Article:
After seeing the trailer for It Lives Inside, I was excited to see what the film had in store for me. The trailer teases an intense ride with lots of action and interesting special effects. What ends up on the screen is more of an intense slow burn that shows a man battling the demons that dwell both within him and in his home. If a slow and more internalized pace is what interests you, It Lives Inside may be right up your alley.
A family moves into a small house and find a box containing some ashes and a strange book. The man injures himself while doing yard work, and this begins a slow slide down into despair as he tries to hang on to the ones he loves while dealing with an evil presence that only shows itself to him.
Now, I love a slow burning descent into self-destructive paranoia and bloodstained madness as much as the next horror fan, but if you’re going to go that route, you have to do it right. That type of plot point usually lends itself well to a film on a shoestring budget like It Lives Inside. Debuting filmmakers Jeff Hall (Writer/Director) and Sean Bingham (Director) had a good script to work with, but the execution of it fell a little short. The oddly unnamed main characters, The Man (Rett Terrell: Army of Frankensteins 2013) and The Woman (Alissa Ford: The Harvesters 2016), had an awkward and non-existent chemistry which made them being a couple difficult to believe.
I don’t know if It Lives Inside was shot in a linear fashion, but it feels like it may have been, due to the fact that, as the film progresses, the acting and believability slightly improve. Once the characters begin to experience turmoil in their relationship, their disdain for each other begins to feel genuine. I’m not saying that these actors are not good at their craft, mind you. I’m simply saying that when they are together, it feels more like they are running lines rather than performing. Rett Terrell carries the movie as he is basically in every scene. He does well with the role of an alpha male archetype who is injured and must adapt to no longer being the primary breadwinner, all while slowly losing control of his world and dealing with an unknown force always just out of sight.
If I had to sum up It Lives Inside in one word, it would have to be “inconsistent.” The film is littered with moments where the viewer is left scratching their head in confusion. In the first act, there is an ongoing theme where a character is mowing the lawn every single time The Man steps outside, no matter what time of day it is. He’s not always visible, but the lawnmower can clearly and deliberately be heard in the background. Then, out of nowhere, this theme is abruptly abandoned.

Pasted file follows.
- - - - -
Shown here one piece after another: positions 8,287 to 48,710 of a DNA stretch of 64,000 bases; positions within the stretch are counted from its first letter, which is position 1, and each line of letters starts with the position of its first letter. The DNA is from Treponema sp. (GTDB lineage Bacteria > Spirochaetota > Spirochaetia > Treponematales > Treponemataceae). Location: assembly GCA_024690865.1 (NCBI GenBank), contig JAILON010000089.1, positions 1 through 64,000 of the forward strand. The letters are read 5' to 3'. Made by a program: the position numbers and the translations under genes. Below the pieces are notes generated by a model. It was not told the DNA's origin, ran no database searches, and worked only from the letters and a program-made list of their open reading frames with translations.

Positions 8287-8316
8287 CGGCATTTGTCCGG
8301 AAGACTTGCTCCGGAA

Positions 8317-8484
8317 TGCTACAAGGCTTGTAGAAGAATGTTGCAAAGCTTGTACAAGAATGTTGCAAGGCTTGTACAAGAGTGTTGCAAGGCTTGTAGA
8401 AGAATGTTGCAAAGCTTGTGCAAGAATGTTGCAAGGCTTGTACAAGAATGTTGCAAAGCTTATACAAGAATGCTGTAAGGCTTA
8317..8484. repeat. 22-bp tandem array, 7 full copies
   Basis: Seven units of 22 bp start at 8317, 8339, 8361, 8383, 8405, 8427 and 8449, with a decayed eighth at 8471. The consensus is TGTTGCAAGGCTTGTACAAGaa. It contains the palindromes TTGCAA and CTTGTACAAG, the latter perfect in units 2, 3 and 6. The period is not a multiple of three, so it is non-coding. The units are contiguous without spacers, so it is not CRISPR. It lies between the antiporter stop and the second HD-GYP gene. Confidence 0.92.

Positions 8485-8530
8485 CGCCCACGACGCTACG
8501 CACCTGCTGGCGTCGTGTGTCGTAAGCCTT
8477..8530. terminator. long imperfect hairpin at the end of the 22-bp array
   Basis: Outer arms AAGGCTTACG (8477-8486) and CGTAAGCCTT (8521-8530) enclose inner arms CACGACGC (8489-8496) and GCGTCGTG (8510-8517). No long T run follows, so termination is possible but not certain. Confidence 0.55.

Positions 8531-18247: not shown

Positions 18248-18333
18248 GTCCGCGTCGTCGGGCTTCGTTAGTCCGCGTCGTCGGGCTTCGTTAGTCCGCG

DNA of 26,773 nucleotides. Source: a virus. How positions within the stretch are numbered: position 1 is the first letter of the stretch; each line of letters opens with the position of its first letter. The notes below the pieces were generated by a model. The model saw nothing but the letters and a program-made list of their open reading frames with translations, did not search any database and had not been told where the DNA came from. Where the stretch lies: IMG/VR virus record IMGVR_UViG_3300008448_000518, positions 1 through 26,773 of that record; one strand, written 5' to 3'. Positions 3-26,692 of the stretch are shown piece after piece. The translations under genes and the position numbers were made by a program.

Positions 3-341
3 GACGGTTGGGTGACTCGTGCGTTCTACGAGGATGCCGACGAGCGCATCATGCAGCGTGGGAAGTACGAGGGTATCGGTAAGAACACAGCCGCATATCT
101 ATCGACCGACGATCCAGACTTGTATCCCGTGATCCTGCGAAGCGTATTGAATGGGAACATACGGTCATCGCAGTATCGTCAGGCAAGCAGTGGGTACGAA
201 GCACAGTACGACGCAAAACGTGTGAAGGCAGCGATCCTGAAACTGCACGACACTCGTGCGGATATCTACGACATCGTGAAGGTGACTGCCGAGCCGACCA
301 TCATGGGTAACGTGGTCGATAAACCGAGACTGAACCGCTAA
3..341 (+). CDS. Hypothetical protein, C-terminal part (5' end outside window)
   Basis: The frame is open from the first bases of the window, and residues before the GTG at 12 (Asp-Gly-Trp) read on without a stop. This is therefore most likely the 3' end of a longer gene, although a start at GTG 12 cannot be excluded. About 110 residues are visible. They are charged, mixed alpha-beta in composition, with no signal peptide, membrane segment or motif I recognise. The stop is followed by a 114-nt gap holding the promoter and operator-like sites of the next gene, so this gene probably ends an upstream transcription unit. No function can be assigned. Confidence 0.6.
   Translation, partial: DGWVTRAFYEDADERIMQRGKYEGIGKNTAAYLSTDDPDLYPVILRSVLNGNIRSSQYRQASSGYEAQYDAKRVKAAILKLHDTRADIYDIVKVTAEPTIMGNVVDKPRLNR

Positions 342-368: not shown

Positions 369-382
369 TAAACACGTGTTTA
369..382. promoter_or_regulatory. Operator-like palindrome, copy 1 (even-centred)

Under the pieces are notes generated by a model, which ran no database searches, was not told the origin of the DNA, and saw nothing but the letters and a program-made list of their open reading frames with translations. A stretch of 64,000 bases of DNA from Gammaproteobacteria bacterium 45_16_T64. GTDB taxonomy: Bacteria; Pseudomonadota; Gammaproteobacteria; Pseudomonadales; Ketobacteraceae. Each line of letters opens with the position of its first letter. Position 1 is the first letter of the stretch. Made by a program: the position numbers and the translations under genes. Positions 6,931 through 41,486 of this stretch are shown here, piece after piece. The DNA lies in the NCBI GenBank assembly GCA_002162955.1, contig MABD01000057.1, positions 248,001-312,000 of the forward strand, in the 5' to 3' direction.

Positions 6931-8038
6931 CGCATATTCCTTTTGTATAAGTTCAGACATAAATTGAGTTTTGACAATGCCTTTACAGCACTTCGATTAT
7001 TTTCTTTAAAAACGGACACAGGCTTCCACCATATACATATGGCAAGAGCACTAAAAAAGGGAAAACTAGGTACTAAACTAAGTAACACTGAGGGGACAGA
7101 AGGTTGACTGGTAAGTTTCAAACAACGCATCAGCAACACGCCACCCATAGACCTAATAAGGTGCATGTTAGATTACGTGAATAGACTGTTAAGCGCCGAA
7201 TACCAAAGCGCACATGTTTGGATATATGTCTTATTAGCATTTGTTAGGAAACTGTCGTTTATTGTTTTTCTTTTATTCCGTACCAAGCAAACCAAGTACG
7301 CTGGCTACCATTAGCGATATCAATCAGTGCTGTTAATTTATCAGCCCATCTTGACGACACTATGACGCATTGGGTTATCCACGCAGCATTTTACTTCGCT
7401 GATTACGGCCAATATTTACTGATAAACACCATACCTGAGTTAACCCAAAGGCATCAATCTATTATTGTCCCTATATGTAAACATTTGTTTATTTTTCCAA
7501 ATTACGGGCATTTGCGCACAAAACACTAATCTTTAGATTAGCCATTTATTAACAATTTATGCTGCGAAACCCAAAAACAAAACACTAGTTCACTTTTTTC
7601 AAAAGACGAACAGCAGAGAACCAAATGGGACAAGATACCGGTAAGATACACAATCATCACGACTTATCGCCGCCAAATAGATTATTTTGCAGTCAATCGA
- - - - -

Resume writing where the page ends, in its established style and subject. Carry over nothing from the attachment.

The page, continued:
Rett Terrell’s character also seems to have a serious issue with remaining upright as he is constantly falling. Be it in front of his neighbors house, in the kitchen or in his pile of dirt and weeds masquerading as his precious backyard garden, he just can’t seem to stay on his feet.
Production was suffering with consistency problems of its own as well. Lighting, which is spot on for the most part, is strangely lacking during some nighttime scenes when, inarguably, it is most needed. I don’t know if the main crew had that particular night off and they decided to roll anyway, but there is quite a noticeable difference in comparison to other night scenes.
The special effects were also a roll of the dice. The CGI smoke and shadows representing the evil manifesting is quite well done. It needs to be noted that the CG fully formed demon is honestly better than almost any similar attempt by a big budget Hollywood film out there. I was actually in awe when I saw it. Balance that out with a broken leg gag they created after The Man falls out of a tree, which is clearly an empty pant leg and twisted shoe with the actor’s leg buried up to his knee… I’m fairly sure I caught the cast on his leg disappearing and reappearing between some scenes as well.
I watched It Lives Inside three times in order to completely grasp what Jeff Hall was attempting to get across to the audience. Things that seemed out of place or unexplained during the course of the film are, for the most part, wrapped up at the very end, which is nice, but sadly, by that point they are just an afterthought and mostly forgotten or dismissed. Being able to stop and rewind helped in that process, as some scenes have a bit of plot that passes by so fast, if you blink, you’ll miss it.
Being a film shot on a micro budget, I allowed for a lot of leeway in production value and pacing. If you are willing to do the same, I would say give It Lives Inside a watch, if only to see the fantastic CG creature towards the end. Also, ignore the cover art. Whoever that bleeding-eyed girl is, she’s not in this movie!